When I went in to the University Herbarium last week, I was extremely excited to discover that one of my fellow volunteers had very kindly brought in her incredibly beautiful first edition of Gerard’s Herbal, published in 1597. It’s been re-bound at some stage, and it’s absolutely immaculate. The paper is of variable quality, but the pages show hardly any signs of wear at all, which is incredible for a book that’s more than four hundred years old!
I’d been looking at a digital copy earlier in the week, as well as my own facsimile copy of a later edition, because I’d been writing a blog post about making glue from bluebells. (It was released on the 4th for Patrons, and is available to everyone today.)
I’m incredibly grateful for digital collections such as Archive.org, because they allow me to see the content of original texts and get stuck into some research even on the days when I’m too poorly to get out of bed, never mind venture out to visit an archive. There really is nothing quite as exciting as seeing the real thing though!
For example, I didn’t know that Gerard’s Herbal included “A Table of the Natures, Vertue and Dangers“, because it isn’t part of my facsimile copy of the third edition. Now that I know about it, I can make plans to look up specific illnesses (some of them described in rather alarming detail!) and see which plants are recommended and how they should be used.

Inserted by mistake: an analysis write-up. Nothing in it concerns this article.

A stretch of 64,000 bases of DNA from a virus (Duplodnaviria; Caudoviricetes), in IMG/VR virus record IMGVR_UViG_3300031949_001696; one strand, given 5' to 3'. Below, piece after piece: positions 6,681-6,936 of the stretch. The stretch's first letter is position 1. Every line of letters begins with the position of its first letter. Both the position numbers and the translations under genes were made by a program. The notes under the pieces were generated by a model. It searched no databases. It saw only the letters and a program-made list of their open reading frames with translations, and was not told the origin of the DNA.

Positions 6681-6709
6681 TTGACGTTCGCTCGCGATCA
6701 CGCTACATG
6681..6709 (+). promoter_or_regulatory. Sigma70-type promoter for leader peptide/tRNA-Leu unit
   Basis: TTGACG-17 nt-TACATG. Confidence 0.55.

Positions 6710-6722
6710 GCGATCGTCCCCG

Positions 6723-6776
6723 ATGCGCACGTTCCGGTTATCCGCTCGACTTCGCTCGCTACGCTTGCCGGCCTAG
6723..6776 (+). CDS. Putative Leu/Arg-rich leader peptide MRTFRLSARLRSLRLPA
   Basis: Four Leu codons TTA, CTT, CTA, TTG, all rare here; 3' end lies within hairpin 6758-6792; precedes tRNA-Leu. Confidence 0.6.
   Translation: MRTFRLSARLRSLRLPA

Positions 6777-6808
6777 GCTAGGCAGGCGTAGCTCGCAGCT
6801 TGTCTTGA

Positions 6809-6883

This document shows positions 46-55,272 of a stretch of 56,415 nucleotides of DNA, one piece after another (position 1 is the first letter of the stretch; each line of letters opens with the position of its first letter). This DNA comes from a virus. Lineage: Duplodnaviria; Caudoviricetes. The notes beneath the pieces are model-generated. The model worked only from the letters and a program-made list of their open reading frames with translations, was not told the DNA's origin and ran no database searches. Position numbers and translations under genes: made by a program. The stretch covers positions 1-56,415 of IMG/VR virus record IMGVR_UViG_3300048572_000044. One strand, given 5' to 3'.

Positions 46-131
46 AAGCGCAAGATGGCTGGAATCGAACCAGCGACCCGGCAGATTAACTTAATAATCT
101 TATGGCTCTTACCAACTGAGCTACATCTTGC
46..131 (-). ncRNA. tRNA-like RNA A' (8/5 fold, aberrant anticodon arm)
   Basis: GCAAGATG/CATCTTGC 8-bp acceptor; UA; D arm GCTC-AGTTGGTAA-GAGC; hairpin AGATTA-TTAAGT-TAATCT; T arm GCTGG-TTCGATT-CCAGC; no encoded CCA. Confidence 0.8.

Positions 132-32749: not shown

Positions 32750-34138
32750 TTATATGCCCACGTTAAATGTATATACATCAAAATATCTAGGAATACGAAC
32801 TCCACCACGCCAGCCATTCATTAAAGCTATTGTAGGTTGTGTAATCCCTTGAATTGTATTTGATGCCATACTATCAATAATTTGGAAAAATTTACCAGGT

As if the afternoon wasn’t exciting enough, I checked my email and discovered that I’ve been offered an unconditional place on the History MA!
This might be the most ridiculous thing I’ve tried to do since I was diagnosed with fibromyalgia back in 2012 (well, okay, after the swordfighting!), but I can’t tell you how much I’m looking forward to it. Everybody I spoke to while I was in the process of applying agreed that part-time would be the best approach. Not only does it give my unreliable health as much recovery time as possible, it also allows me to actually enjoy the individual modules rather than rushing through them – not to mention giving me an extra year to fine tune the details of my PhD proposal, if that turns out to be the path I want to take.
I still have a couple of sewing and knitting projects for friends and family on the go (all delayed by my health having leapt out at me recently), but as soon as those are finished I’m going to be hitting the books and spending as much time as possible studying before I start the course. It’s twenty-two years since I graduated from my BA(Hons), so I need to make sure I can still remember how to write academic essays as well as informal blog posts. I just can’t wait to get started!